The History of Hut Eight

The largest number of messages ever registered in Hut 8 on one day was on March 13, 1945 when 2133 were registered.

As a general rule German Naval traffic was sent out in 4 letter groups with the indicator groups at the beginning and repeated at the end. Both from the German and our own point of view this made Naval traffic easily recognizable and gave a check on the correct interception of the indicator groups. Messages were normally broadcast and on fixed frequencies which changed comparatively rarely, so that it was possible for the cryptographer without W/T knowledge to keep the different frequencies and the areas to which they belonged in his head. The principal exception to this were the U Boats which used a complicated W/T programme, but from our point of view identification of services was made easy by the use of an independent set of serial numbers for each service. We should have had some difficulty also with the Mediterranean area if the intercept stations had not given a group letter to each W/T service and appended it to the frequency when teleprinting the traffic.

Except for a short period in the early days of Bonito, fixed call signs were always used though it was unfortunately by no means always possible to tell from whom a message originated. "Addressee" call signs - a very great help to the cryptographer - were little used except in the Mediterranean where, if we were fortunate, it might be possible to tell both the originator and the destination of a message. Like the Mediterranean keys, Bonito gave a lot away by its call signs but other keys stuck to the old procedure. The only exception of any note to this rule were the emergency W/T links which replaced teleprinter communications if the latter broke down.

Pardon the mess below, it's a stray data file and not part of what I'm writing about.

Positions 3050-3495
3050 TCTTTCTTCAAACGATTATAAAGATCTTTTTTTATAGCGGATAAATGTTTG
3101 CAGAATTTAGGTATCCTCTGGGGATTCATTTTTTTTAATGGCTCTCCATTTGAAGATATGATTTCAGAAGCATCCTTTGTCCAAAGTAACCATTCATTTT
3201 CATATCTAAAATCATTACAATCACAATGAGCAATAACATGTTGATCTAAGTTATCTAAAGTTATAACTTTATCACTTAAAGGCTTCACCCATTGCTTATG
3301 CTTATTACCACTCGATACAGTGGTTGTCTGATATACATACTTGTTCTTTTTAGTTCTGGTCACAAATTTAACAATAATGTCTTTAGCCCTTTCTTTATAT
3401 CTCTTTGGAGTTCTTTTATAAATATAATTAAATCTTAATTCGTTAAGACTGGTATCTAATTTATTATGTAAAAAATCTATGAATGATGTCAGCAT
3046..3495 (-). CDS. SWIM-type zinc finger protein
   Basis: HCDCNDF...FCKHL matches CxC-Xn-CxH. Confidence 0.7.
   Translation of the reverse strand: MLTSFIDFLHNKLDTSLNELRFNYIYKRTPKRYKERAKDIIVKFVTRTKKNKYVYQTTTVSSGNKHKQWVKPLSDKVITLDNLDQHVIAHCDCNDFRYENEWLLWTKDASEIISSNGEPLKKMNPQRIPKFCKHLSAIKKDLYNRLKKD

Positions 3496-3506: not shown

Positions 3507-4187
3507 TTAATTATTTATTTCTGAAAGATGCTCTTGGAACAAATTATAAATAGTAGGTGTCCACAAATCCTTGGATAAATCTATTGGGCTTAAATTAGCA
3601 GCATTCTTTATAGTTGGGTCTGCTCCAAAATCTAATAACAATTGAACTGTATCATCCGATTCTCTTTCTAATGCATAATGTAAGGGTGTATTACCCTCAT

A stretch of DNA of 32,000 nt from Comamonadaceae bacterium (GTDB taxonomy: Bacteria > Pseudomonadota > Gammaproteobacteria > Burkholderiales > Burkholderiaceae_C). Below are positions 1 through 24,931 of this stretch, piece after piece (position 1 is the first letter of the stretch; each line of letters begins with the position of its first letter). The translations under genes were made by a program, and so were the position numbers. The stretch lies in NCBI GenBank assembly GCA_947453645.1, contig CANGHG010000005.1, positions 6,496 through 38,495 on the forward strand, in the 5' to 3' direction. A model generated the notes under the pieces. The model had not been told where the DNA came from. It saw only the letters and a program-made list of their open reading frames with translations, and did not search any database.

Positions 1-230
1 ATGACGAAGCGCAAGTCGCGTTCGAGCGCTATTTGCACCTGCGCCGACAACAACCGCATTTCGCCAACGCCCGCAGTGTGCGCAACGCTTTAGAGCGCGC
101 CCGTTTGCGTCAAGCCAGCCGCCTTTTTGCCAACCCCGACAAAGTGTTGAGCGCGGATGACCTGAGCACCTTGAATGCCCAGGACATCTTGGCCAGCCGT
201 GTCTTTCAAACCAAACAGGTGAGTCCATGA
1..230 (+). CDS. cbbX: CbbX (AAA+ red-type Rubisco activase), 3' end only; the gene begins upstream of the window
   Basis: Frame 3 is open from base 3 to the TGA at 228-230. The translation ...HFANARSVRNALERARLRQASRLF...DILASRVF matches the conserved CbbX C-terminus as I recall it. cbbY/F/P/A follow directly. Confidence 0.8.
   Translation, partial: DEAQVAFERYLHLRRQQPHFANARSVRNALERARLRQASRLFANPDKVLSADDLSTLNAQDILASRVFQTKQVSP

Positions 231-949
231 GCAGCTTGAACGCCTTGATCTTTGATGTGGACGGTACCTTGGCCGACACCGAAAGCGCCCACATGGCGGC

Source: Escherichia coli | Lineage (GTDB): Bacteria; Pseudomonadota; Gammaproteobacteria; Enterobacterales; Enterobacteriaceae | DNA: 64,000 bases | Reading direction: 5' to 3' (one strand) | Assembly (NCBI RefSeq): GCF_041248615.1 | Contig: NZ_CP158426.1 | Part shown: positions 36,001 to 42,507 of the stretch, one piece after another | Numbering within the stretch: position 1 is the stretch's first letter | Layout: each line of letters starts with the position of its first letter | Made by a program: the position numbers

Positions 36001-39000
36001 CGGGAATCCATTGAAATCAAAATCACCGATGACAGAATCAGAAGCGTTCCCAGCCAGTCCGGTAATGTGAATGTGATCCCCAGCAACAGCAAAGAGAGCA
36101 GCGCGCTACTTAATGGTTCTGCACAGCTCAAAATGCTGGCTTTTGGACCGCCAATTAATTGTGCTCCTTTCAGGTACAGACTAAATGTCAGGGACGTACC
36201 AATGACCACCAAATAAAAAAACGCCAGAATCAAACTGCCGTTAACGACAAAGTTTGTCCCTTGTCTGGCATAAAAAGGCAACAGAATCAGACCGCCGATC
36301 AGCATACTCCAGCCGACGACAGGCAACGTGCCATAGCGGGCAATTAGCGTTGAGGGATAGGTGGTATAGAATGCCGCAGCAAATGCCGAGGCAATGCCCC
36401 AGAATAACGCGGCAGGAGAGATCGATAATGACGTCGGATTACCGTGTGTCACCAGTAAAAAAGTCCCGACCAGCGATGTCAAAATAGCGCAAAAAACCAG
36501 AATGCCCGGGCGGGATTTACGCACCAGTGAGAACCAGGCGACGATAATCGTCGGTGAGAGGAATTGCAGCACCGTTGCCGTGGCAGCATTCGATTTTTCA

From early days Scarborough was our chief intercept station and was responsible for picking up most of the traffic. Other stations were brought in if interception at Scarborough was unsatisfactory, as was often the case in the Mediterranean and North Norwegian areas. For a considerable time North Norwegian traffic was being sent back from Murmansk while the W/T station at Alexandria played an important part in covering many Mediterranean frequencies. The principal disadvantage of traffic from distant intercept stations was the length of time it took to reach us. Traffic came from Alexandria by cable and an average delay of 6 hours between time of interception and time of receipt at B/P was considered good.

Unlike Hut 6 we never controlled the disposition of the various receiving sets at our disposal but made our requests, which were considerable, through Naval Section. As I do not ever recollect an urgent request having been refused, this system worked very satisfactorily from our point of view.

The reason for our numerous demands for double, treble, and


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